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Dyirbal Language
Dyirbal (also ''Djirubal'') is an Australian Aboriginal language spoken in northeast Queensland by the Dyirbal people. In 2016, the Australian Bureau of Statistics reported that there were 8 speakers of the language. It is a member of the small Dyirbalic branch of the Pama–Nyungan family. It possesses many outstanding features that have made it well known among linguists. In the years since the Dyirbal grammar by Robert Dixon was published in 1972, Dyirbal has steadily moved closer to extinction as younger community members have failed to learn it. Dialects There are many different groups speaking dialects of Dyirbal language. Researcher Robert Dixon estimates that Dyirbal had, at its peak, 10 dialects. Dialects include: * Dyirbal (or Jirrbal) spoken by the Dyirbalŋan * Mamu, spoken by the Waɽibara, Dulgubara, Bagiɽgabara, Dyiɽibara, and Mandubara (There are also different types of Mamu spoken by individual groups, such as Warribara Mamu, and Dulgubara Mamu) * Gi ...
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Queensland
) , nickname = Sunshine State , image_map = Queensland in Australia.svg , map_caption = Location of Queensland in Australia , subdivision_type = Country , subdivision_name = Australia , established_title = Before federation , established_date = Colony of Queensland , established_title2 = Separation from New South Wales , established_date2 = 6 June 1859 , established_title3 = Federation , established_date3 = 1 January 1901 , named_for = Queen Victoria , demonym = , capital = Brisbane , largest_city = capital , coordinates = , admin_center_type = Administration , admin_center = 77 local government areas , leader_title1 = Monarch , leader_name1 = Charles III , leader_title2 = Governor , leader_name2 = Jeannette Young , leader_title3 = Premier , leader_name3 = Annastacia Palaszczuk ( ALP) , legislature = Parliament of Queensland , judiciary = Supreme Court of Queensland , national_representation = Parliament of Australia , national_representation_t ...
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Linguistics
Linguistics is the science, scientific study of human language. It is called a scientific study because it entails a comprehensive, systematic, objective, and precise analysis of all aspects of language, particularly its nature and structure. Linguistics is concerned with both the Cognition, cognitive and social aspects of language. It is considered a scientific field as well as an academic discipline; it has been classified as a social science, natural science, cognitive science,Thagard, PaulCognitive Science, The Stanford Encyclopedia of Philosophy (Fall 2008 Edition), Edward N. Zalta (ed.). or part of the humanities. Traditional areas of linguistic analysis correspond to phenomena found in human linguistic systems, such as syntax (rules governing the structure of sentences); semantics (meaning); Morphology (linguistics), morphology (structure of words); phonetics (speech sounds and equivalent gestures in sign languages); phonology (the abstract sound system of a particular ...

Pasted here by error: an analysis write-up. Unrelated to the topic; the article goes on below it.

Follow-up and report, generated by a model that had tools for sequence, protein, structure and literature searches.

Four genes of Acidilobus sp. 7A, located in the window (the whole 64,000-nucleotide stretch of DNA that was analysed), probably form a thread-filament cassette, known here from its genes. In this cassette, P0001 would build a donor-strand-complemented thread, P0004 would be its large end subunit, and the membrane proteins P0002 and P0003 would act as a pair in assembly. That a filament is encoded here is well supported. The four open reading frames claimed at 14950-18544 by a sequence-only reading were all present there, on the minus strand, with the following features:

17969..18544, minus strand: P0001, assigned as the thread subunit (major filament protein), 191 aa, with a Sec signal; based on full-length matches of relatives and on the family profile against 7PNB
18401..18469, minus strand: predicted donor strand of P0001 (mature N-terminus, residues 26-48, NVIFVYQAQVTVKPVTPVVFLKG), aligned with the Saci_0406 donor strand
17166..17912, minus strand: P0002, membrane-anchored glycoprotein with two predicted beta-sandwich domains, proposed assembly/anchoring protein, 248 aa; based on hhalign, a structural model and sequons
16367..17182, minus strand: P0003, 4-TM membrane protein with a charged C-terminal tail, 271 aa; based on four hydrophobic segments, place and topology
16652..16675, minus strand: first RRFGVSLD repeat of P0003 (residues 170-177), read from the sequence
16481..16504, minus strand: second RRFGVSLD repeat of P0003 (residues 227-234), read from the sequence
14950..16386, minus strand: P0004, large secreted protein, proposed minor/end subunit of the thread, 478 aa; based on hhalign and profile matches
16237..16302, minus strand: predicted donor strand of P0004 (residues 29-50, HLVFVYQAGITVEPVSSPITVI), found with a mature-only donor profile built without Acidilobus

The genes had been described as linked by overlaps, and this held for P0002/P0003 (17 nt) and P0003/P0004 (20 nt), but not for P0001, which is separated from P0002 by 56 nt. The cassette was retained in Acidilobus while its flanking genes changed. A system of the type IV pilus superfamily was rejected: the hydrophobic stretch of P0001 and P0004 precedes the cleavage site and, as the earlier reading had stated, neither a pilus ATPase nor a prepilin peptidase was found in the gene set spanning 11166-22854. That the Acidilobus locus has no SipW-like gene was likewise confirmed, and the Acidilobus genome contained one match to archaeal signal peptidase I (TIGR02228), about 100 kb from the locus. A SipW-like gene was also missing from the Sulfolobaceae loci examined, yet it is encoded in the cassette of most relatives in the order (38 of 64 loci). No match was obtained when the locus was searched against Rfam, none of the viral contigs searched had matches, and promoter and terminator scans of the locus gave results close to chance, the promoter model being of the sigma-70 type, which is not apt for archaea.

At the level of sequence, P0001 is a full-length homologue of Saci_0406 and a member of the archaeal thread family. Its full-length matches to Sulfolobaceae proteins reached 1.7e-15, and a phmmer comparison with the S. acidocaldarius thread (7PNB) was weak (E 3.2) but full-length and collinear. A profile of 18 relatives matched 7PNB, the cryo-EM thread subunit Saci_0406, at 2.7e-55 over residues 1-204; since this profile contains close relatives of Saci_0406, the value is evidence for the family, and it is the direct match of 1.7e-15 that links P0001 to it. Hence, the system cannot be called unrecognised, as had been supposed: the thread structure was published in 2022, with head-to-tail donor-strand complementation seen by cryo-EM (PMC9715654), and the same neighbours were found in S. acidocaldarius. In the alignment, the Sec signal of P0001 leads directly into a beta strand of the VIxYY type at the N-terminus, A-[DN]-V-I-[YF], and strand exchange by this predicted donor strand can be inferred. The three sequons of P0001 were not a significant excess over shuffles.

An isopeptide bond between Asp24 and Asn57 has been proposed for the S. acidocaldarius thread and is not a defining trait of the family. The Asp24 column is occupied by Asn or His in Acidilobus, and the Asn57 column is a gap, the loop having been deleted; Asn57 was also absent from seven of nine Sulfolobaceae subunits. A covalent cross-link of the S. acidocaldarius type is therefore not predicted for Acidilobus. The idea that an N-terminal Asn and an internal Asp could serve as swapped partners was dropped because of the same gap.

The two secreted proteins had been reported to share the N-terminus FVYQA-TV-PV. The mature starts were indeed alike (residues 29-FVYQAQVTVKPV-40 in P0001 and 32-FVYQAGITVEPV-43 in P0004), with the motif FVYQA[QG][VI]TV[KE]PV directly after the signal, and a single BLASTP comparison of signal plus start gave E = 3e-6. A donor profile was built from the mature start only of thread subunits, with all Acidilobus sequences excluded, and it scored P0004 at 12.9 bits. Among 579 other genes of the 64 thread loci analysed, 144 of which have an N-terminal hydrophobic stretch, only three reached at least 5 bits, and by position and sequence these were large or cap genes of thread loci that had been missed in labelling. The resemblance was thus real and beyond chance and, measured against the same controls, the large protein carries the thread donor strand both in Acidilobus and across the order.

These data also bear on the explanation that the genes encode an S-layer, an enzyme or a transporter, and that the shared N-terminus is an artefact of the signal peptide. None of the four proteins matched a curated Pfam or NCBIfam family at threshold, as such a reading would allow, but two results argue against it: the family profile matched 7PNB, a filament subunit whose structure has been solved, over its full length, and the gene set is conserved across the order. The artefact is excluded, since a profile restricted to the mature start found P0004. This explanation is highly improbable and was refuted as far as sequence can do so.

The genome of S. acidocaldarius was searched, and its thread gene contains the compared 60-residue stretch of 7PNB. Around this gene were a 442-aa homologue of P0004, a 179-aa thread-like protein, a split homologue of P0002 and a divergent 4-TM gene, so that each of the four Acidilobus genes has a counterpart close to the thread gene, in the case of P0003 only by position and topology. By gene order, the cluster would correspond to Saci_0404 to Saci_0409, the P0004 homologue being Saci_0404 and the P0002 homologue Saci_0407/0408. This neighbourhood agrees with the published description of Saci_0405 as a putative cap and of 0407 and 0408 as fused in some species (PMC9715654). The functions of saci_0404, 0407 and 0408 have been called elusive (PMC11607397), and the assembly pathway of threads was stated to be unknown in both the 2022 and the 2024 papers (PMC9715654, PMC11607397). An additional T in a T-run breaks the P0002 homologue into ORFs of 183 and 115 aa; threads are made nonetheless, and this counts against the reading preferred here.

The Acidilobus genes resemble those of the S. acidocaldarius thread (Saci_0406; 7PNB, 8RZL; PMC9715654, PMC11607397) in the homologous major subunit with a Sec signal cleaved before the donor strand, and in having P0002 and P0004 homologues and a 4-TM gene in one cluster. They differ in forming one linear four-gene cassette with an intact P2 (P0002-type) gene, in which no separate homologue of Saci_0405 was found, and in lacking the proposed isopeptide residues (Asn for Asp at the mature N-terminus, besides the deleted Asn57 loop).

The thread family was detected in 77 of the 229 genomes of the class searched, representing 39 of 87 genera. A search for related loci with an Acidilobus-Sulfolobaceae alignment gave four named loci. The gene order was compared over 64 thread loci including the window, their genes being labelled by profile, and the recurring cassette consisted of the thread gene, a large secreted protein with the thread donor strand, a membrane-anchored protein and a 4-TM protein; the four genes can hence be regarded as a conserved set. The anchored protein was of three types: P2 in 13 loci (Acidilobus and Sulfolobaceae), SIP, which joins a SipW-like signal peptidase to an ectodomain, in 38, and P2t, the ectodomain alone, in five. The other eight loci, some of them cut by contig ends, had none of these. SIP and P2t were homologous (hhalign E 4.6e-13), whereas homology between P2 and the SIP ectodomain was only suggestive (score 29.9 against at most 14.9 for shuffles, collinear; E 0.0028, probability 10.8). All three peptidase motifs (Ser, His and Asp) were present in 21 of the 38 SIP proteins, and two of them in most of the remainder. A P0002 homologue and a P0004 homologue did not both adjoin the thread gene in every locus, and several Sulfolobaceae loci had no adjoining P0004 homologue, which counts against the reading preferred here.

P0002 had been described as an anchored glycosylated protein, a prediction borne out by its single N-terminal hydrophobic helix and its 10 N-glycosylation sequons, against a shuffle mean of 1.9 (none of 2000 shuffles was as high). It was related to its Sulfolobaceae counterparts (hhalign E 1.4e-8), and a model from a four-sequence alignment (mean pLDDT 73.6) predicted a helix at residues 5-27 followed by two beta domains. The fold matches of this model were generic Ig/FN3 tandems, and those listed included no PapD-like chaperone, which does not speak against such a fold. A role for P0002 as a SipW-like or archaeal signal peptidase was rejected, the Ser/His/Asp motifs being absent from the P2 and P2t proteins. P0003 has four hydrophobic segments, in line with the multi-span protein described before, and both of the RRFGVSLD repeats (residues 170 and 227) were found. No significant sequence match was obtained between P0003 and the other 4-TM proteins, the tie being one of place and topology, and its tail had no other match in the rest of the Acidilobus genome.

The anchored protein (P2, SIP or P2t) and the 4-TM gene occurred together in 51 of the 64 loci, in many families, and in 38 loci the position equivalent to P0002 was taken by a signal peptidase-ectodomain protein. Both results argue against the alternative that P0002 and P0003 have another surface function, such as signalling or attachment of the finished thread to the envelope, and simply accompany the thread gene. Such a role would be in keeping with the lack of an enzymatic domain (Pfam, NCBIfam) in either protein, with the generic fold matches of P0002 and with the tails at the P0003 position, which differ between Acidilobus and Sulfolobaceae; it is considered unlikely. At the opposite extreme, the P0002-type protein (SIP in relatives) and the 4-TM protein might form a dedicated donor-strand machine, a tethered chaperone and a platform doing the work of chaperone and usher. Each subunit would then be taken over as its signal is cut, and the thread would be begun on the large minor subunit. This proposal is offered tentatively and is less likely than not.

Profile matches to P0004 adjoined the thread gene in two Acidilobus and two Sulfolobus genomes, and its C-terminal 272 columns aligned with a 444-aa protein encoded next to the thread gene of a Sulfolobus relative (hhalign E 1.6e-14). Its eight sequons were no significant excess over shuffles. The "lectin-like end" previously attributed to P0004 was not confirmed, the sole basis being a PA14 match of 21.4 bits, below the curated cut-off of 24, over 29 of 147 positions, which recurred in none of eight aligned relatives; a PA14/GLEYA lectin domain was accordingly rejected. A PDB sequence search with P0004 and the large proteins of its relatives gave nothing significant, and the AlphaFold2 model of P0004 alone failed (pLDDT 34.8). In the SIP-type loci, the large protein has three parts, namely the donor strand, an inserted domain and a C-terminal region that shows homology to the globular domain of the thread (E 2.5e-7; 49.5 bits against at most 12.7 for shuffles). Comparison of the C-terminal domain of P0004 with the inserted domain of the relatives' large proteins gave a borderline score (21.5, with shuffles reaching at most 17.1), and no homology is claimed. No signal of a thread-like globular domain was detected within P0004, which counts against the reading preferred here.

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Nyawaygi
The Nyawigi people, also spelt Nyawaygi, Nywaigi, or Nawagi, are an Aboriginal Australian people whose original country was around Halifax Bay in Far North Queensland. They may also have inhabited Orpheus Island. Language An early record suggested that the ''Nyawa''-(Nowa) in this term denoted 'no', and comparative linguistics has observed the ''–gi'' form a comitative suffix, but the last speakers could not confirm this speculative derivation of the ethnonym. One of the last to be interviewed was a centenarian, Long Heron. Country The Nywaigi are a coastal people occupying 50 miles of coastland to a depth of some 15 kilometres. To their north, bounded on the west by the Toobanna, Frances Creek and Waterview Creek, over the Herbert River at Halifax and Ingham, were the Biyaygiri. To the west was Warrongo country. Their southern boundary lay at the Seaview Range. Other neighbours include the Warrgamay. In Norman Tindale's estimation, the total extent of their land ...
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Warrgamay
The Warrgamay people, also spelt Warakamai, are an Aboriginal Australian people of the state of Queensland. Language Their language, Warrgamay, is now extinct. It was a variety of Dyirbalic, and appears to be composed of three distinct dialects:''Wargamaygan'' spoken around the lower reaches of the Herbert River; ''Biyay'' spoken at the mouth of the Herbert, in the area of Halifax and Bemerside; and ''Hinchinbrook Biyay,'' spoken around the coastal area south of Cardwell and offshore on Hinchinbrook Island. Words in the Warrgamay language include: * ''knarbo'' (tame dog) * ''gerolo'' (wild dog) * ''baby'' (father) * ''kora/yong/yonga'' (mother) * ''mecolo'' (white man) Country The Warrgamay were the Indigenous people of Halifax Bay, and held in Norman Tindale's calculations, approximately of tribal domains. An early resident, James Cassady, specified that they had of shoreline, extending into the hinterland approximately . Their northern neighbours were the Girramay, whi ...